I wasn't around in 1941, when three brand new General Motors city buses rolled onto the streets of Cape Girardeau. But I'll be residents were thrilled with the innovation, especially those who were left hoofing it to work after the street car system suspended operations in 1934.
The colorful buses of the Cape Transit Corp., began operating here the morning of April 2, 1941, only about five months later than had been hoped.
The bus service was authorized by city ordinance in August 1940. At the time, the city fathers anticipated that the new mass transit system would be operating by November or December of that year. In September the city gave the permit to operate the municipal bus line to the Bee Line Transit Corp., of Danville, Illinois. It announced it would do business here as the Cape Transit Corp.
Delays then frustrated plans. Each successive article in The Southeast Missourian newspaper seemed to push the start date a little further back. The main delay was in getting the four new General Motors buses ordered for the Cape operation. Finally, on the night of Sunday, March 30, 1941, the vehicles arrived from Pontiac, Michigan. A front-page article in the next day's Southeast Missouri described the beautiful transports as "painted yellow, with trim in tan and red, and the interiors painted green."
It was announced that two days hence -- Wednesday, April 2, 1941 -- three of the new buses would be put to use, the fourth being kept in reserve. Missourian articles told the story of the start of the city bus line here.
From The Southeast Missourian; Monday, March 31, 1941.
BUSES ARRIVE IN CAPE; SERVICE TO START WEDNESDAY
With the arrival of four new General Motors buses, the Cape Transit Corp. announced today city bus service will be started at 6:30 a.m. Wednesday. First-day rides will be given free of charge. Three of the machines will be in service regularly, with a fourth to be held in reserve.
Manager H.R. DeTournay said the machines were brought here from Pontiac, Mich., Sunday night. They were being serviced and polished at the Thompson Garage, 631 Themis St., which will be maintenance headquarters for the line.
Two are 23-passenger machines and two are 21-passenger buses, Mr. DeTournay said. They are painted yellow, with trim in tan and red, and the interiors painted green.
It had been feared there would be some delay in getting delivery of the buses this week, but they were ready to leave the factory this weekend.
Each of the three buses will travel over all the four routes, Mr. DeTournay said, with 15-minute service downtown, and service each 30 minutes in the outlying areas. Routes will be extended as it is found they are required.
Drivers will supply information to the patrons, answering questions that will come up, as the service is started. Two operators will be on each bus at the start.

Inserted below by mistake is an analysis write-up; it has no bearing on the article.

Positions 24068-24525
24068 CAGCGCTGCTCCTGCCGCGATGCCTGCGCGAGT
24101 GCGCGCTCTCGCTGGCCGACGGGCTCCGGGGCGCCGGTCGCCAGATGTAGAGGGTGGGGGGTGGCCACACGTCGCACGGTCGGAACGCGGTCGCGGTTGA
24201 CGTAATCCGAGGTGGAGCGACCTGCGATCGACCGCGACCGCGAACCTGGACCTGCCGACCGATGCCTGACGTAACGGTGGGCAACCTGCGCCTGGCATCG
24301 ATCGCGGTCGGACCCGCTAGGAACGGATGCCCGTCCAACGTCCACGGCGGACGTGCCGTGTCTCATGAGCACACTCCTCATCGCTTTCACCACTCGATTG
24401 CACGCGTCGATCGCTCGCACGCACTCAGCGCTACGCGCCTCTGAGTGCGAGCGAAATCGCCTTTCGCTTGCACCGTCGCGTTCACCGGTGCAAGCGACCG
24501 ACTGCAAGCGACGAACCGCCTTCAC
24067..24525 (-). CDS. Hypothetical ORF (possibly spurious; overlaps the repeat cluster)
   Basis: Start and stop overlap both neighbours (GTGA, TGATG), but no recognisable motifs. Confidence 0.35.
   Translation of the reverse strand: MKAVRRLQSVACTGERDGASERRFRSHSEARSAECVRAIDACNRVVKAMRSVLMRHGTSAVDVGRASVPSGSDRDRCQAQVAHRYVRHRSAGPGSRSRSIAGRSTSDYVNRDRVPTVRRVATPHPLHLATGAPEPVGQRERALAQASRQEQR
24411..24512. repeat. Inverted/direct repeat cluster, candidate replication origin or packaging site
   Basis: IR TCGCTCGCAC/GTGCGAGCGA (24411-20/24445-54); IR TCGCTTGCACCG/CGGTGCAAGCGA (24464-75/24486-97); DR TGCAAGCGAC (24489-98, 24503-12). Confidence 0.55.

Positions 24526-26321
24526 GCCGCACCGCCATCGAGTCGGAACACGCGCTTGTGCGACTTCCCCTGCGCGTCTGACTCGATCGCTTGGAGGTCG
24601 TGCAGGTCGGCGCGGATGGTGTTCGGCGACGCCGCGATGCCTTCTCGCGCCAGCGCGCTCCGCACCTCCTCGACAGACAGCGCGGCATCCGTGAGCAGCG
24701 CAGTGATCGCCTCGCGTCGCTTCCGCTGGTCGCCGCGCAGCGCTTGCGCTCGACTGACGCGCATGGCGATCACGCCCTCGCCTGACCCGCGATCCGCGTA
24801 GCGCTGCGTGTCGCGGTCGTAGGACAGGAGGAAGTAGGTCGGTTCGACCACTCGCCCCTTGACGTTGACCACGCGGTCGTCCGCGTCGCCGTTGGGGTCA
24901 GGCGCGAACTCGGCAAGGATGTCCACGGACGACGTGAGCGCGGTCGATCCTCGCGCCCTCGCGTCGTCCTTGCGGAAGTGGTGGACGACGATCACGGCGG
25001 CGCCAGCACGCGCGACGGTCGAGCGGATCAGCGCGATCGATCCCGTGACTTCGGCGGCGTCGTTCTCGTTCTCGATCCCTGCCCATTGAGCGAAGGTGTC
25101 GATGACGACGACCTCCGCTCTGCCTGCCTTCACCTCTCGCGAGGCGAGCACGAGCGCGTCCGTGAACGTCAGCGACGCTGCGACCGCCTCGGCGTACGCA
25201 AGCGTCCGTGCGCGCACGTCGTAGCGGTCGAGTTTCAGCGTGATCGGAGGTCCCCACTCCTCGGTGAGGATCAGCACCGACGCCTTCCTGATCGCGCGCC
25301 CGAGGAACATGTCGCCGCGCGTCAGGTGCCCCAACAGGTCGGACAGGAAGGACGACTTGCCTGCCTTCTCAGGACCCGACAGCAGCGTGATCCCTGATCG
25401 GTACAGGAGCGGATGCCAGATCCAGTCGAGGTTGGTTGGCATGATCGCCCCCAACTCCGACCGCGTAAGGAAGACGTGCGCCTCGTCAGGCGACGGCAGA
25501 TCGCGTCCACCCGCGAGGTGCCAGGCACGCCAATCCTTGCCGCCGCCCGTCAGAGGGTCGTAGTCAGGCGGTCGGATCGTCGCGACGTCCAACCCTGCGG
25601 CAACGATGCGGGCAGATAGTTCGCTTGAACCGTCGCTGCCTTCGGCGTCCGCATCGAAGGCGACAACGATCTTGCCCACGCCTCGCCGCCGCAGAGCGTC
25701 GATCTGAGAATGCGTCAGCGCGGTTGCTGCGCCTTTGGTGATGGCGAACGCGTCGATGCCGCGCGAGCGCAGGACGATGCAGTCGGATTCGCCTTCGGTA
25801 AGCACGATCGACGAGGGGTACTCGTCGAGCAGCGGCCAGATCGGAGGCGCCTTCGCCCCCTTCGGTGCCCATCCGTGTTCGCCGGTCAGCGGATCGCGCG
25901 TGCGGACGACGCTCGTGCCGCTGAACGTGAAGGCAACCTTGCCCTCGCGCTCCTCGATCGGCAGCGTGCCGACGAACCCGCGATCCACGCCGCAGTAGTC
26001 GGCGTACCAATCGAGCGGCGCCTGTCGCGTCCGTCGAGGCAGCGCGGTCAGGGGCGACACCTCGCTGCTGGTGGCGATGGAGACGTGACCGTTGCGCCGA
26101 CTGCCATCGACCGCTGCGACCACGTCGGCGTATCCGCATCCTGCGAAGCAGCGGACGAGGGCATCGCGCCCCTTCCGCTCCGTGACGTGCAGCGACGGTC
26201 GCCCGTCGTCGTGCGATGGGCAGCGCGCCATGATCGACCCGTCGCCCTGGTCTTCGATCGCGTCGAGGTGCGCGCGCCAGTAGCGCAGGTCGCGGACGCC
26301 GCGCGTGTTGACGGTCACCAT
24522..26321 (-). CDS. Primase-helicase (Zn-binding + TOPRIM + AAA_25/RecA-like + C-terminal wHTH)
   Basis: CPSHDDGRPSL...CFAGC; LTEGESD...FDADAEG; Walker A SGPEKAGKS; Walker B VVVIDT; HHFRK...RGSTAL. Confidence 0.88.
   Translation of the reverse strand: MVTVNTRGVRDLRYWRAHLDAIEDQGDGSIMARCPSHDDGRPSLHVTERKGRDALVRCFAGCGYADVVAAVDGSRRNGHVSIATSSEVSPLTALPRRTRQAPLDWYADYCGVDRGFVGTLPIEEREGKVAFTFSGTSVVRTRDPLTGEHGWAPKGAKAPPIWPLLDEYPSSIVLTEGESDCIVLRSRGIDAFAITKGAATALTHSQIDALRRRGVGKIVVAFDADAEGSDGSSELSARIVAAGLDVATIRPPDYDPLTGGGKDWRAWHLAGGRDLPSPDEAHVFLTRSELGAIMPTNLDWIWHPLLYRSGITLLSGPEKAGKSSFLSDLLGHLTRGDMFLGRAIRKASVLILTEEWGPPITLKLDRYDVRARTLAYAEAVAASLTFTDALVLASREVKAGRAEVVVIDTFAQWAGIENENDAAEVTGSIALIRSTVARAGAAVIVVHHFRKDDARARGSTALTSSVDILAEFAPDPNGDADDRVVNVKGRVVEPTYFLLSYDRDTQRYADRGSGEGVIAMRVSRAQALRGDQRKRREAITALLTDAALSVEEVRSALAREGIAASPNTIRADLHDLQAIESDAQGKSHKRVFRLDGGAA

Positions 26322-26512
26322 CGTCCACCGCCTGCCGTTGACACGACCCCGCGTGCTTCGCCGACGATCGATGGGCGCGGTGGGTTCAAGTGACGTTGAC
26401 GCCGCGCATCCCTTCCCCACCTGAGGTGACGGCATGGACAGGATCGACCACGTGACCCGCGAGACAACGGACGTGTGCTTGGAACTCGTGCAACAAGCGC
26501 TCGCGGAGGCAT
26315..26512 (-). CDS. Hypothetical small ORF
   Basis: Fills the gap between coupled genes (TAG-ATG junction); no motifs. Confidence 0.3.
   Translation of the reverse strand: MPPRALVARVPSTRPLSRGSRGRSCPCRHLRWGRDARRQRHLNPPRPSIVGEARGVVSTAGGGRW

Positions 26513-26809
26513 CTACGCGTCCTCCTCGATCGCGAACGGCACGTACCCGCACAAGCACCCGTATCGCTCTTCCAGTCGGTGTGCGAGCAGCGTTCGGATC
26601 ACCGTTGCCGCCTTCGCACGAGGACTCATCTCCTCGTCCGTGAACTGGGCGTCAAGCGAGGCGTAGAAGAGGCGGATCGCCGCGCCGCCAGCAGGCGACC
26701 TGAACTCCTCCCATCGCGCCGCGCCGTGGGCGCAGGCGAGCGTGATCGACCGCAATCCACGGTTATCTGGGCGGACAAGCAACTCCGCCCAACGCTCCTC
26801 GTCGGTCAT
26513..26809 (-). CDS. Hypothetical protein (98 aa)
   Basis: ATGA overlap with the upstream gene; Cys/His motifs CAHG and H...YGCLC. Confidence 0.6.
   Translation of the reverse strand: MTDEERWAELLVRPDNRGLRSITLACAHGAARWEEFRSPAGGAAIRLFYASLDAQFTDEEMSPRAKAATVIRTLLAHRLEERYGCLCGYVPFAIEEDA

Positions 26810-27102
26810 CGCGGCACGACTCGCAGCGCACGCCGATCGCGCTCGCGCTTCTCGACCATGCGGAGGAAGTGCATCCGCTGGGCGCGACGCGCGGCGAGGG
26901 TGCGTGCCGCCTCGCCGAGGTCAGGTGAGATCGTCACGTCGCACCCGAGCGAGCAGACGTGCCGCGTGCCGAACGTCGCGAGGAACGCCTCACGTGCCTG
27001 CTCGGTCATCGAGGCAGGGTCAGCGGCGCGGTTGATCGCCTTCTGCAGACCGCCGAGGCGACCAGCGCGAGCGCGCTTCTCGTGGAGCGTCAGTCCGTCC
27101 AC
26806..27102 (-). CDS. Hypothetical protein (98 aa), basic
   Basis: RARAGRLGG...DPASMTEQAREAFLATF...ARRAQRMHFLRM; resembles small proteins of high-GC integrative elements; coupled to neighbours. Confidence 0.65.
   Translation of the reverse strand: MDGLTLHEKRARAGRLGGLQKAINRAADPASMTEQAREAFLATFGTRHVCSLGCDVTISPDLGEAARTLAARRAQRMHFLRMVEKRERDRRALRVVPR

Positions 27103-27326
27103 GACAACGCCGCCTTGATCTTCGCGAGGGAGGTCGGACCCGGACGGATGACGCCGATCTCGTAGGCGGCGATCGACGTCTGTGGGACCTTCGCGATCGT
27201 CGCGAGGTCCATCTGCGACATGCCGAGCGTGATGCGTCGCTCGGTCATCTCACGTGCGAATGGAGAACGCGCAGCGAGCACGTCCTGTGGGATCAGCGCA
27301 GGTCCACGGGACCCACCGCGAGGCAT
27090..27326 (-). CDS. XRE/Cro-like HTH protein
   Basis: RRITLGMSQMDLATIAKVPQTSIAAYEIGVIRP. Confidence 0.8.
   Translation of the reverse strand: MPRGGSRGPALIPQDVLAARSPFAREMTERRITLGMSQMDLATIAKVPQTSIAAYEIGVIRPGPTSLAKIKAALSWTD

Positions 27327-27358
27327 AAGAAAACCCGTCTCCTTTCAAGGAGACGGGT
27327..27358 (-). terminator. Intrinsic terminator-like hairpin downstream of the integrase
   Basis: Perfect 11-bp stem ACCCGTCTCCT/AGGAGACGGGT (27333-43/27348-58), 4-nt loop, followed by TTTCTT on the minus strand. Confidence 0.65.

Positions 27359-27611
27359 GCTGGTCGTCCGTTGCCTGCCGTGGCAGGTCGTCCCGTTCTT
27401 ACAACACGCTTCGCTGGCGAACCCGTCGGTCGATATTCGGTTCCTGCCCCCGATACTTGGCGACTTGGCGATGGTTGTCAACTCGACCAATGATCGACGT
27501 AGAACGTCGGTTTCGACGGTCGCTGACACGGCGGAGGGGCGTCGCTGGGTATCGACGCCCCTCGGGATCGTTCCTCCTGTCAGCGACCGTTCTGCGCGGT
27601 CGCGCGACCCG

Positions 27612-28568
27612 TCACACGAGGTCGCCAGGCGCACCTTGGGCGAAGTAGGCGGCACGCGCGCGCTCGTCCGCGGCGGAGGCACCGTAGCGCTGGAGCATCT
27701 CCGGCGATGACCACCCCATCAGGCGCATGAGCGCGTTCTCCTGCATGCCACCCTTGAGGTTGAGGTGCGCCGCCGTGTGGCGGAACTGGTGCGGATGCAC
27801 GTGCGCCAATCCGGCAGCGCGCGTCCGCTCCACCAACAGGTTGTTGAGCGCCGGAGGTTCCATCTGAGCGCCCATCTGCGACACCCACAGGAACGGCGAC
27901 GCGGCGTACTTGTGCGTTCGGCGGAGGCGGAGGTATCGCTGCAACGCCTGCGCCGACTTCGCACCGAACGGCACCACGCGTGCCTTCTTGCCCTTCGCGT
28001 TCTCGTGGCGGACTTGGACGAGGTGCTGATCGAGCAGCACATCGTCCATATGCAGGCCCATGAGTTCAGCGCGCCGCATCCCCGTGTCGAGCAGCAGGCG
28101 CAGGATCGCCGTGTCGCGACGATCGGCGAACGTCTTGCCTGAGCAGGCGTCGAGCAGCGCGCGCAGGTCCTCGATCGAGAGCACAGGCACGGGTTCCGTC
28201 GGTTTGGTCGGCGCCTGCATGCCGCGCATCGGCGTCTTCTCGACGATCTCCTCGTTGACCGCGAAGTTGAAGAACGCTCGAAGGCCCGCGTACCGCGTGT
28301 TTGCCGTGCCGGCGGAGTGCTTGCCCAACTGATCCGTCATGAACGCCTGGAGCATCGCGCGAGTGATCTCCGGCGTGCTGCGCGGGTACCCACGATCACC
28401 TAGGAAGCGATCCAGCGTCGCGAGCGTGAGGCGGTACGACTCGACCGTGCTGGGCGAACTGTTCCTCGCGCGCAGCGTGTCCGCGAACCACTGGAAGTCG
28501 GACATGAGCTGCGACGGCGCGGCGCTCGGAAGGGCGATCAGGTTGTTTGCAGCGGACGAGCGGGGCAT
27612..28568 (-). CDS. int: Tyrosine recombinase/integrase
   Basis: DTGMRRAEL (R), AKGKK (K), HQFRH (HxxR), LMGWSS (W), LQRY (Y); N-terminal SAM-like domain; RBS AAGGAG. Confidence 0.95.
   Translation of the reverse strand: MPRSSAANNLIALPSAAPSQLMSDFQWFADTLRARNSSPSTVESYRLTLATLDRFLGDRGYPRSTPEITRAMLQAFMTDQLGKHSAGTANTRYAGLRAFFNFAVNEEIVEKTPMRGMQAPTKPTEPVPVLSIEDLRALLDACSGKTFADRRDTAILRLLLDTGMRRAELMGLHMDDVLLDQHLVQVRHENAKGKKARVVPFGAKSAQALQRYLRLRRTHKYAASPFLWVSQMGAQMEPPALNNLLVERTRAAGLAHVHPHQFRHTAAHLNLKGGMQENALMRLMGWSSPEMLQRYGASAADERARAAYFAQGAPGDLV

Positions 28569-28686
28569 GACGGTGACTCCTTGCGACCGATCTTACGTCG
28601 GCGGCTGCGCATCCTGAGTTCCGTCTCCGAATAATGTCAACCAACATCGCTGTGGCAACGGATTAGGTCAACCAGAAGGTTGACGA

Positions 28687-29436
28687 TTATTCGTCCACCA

Nickels, the fare, will be dropped in the meters, but the penny, if a transfer is required, will be handed to the driver. The transfer will be purchased when the passenger boards a bus, if one is needed. When the passenger desires to leave the machine, he will signal by a buzzer, half a block from the destination.
Stops will be made at any intersection a passenger is to be picked up or discharged. Downtown stops are indicated by painted curbs, and signs are to be installed at these locations.
Machines will operate from 6:30 a.m. to 10:45 o'clock at night, seven days a week, Mr. DeTournay said.
Route headquarters are designated as Main and Broadway, but no station will be maintained there.
Bringing the four new buses here were Mr. DeTournay, Joe Mack of Westville, Ill., Gale Dalton of Cape Girardeau and Pete Giacoma of Cairo, Ill. Mack will be here for a few days as an instructor for drivers.
From The Southeast Missourian; Wednesday, April 2, 1941.
MOTOR BUSES START OPERATION; FREE DAY BRINGS PATRONAGE
Operation of motor buses in Cape Girardeau were started this morning by the Cape Transit Corp., with three new machines circulating over routes which the company has designated to serve. Today was free fare day and a number of Girardeans took rides, and a heavy "business" was expected late today when school boys and girls will be free to ride.
Three of the four machines were put in service, after some trial trips for the drivers were made around the city Tuesday.
Charges of fares will start Thursday morning, the rate to be 5 cents. An extra penny will be charged, when a transfer is necessary.
Headquarters for the company will be the Thompson Garage, 631 Themis St.
From The Southeast Missourian; Thursday, April 3, 1941.
Wednesday was "bus day" in Cape Girardeau and almost everybody in town, it seemed, turned out to take a free ride as the Cape Transit Corp. inaugurated service. Above, pupils of Franklin School are shown jamming the entrance to one bus, while (below) others are shown entering another.
MANY RIDE BUSES FREE ON FIRST DAY
An estimated 5,000 Girardeans took a free ride Wednesday on one of the four new motor buses the Cape Transit Corp. put into service, with rides being free for the day. Some had to be turned down as the machines at times moved along the routes packed full.
Regular service was instituted today. Manager H.R. DeTournay said drivers are becoming accustomed to their duties, and the day's travel Wednesday was without mishap. The machines will run from 6:30 a.m. to 10:30 o'clock at night, seven days per week.
Cape Transit Corp. continued to operate until May 31, 1969, when bus service was shut down because of lack of passengers, the same reason the street car system ended.